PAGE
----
AB - Objective: Upper extremity (UE) access is frequently used during fenestrated-branched endovascular aortic repair (F-BEVAR) to facilitate catheterization of downgoing vessels. Limitations include risk of cerebral embolization and of UE arterial or peripheral nerve injury. The aim of this study was to assess outcomes of F-BEVAR using UE access. Methods: We reviewed the clinical data of 334 consecutive patients (74% males; mean age 75 ± 8 years) treated by F-BEVAR for thoracoabdominal aortic aneurysms or pararenal aortic aneurysms between 2007 and 2016. Patients who underwent F-BEVAR with an UE approach for catheterization of the renal and/or mesenteric arteries were included in the study. End points were technical success, mortality, and a composite of access-related complications including cerebral embolization (stroke/transient ischemic attack), peripheral nerve injury, and axillary-brachial arterial complications requiring intervention. Results: There were 243 patients (73%) treated by F-BEVAR with UE access, including 147 patients (60%) with thoracoabdominal aortic aneurysms and 96 patients (40%) with pararenal aortic aneurysms. A total of 878 renal–mesenteric arteries were incorporated by fenestrations or branches with a mean of 3.6 ± 0.8 vessels per patient. All patients had surgical exposure of the brachial artery. The left side was selected in 228 (94%) and the right side in 15 (6%). The technical success of target vessel incorporation was achieved in 99% of patients (870 of 878). Arterial closure was performed using primary repair in 213 patients (88%) or bovine patch angioplasty in 29 (12%). Patch closure was required in 13% of patients (21 of 159) treated by 10- to 12F sheaths and 8% (7 of 83) of those who had 7- to 8F sheaths (P =.19). There were six deaths (2.5%) at 30 days or within the hospital stay, none owing to access-related complications. Major access-related complication occurred in eight patients (3%), with no difference between the 10- to 12F (6 of 159 [4%]) or 7- to 8F sheaths (2 of 83 [2%]; P =.45). Two patients (1%) had transient median nerve neuropraxia, which resolved within 1 year. One patient (0.5%) required surgical evacuation of an access site hematoma. There were no UE arterial pseudoaneurysms, occlusions, or distal embolizations. Five patients (2%) had strokes (three minor, two major), occurring more frequently with right side (2 of 15 [13%]) as compared with left-sided access (3 of 228 [1%]; P =.03). After a mean follow-up of 38 ± 15 months, there were no other access-related complications or reinterventions. Conclusions: UE arterial access with surgical exposure was associated with a low rate of complications in patients treated with F-BEVAR. Closure with patch angioplasty is frequently needed, but there were no arterial occlusions, pseudoaneurysms, or distal embolizations requiring secondary procedures.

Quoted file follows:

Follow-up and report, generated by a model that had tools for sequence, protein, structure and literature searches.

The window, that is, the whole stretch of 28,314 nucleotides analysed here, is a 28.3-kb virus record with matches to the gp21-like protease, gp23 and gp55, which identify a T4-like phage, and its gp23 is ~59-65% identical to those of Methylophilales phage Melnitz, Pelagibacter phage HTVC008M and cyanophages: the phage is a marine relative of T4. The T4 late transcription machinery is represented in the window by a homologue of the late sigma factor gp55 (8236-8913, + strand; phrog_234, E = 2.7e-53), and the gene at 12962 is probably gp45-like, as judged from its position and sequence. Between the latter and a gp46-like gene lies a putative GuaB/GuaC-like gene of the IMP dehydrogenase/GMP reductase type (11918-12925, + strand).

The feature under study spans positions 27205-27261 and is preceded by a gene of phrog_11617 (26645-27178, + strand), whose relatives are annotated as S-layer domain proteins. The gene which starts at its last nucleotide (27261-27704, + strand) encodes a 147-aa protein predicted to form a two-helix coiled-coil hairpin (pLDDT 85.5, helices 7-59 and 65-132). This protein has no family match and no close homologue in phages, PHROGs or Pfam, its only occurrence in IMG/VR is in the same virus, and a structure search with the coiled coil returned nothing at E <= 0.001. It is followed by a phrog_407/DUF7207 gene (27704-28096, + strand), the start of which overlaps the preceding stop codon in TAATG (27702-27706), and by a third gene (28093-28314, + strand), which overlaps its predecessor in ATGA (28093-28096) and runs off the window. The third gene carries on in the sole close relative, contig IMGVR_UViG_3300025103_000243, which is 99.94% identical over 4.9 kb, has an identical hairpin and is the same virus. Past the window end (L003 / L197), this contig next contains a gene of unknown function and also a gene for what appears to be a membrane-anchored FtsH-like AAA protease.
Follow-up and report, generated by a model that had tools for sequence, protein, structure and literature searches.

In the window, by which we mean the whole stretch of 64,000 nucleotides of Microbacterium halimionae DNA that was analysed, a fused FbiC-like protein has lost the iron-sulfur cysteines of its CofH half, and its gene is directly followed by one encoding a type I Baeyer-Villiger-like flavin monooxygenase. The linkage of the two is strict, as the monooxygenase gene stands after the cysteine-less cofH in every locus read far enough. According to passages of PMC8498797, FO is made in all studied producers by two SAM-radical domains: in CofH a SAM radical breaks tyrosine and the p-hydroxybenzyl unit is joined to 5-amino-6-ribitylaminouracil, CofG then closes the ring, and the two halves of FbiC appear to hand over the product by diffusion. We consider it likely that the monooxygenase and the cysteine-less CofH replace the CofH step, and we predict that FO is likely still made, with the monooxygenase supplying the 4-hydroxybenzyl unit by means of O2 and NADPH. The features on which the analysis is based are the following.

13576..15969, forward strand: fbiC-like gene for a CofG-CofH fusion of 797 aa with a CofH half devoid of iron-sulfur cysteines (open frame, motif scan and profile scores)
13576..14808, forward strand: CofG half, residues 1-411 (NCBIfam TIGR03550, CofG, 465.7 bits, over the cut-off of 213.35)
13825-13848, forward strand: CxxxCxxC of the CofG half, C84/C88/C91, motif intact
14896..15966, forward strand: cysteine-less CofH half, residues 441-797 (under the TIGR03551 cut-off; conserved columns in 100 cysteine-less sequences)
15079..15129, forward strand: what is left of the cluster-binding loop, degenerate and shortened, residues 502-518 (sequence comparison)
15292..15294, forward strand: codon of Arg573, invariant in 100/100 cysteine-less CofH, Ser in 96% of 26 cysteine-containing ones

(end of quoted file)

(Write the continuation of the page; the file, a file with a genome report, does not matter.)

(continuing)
KW - Cerebral embolization

KW - F-BEVAR

KW - Upper extremity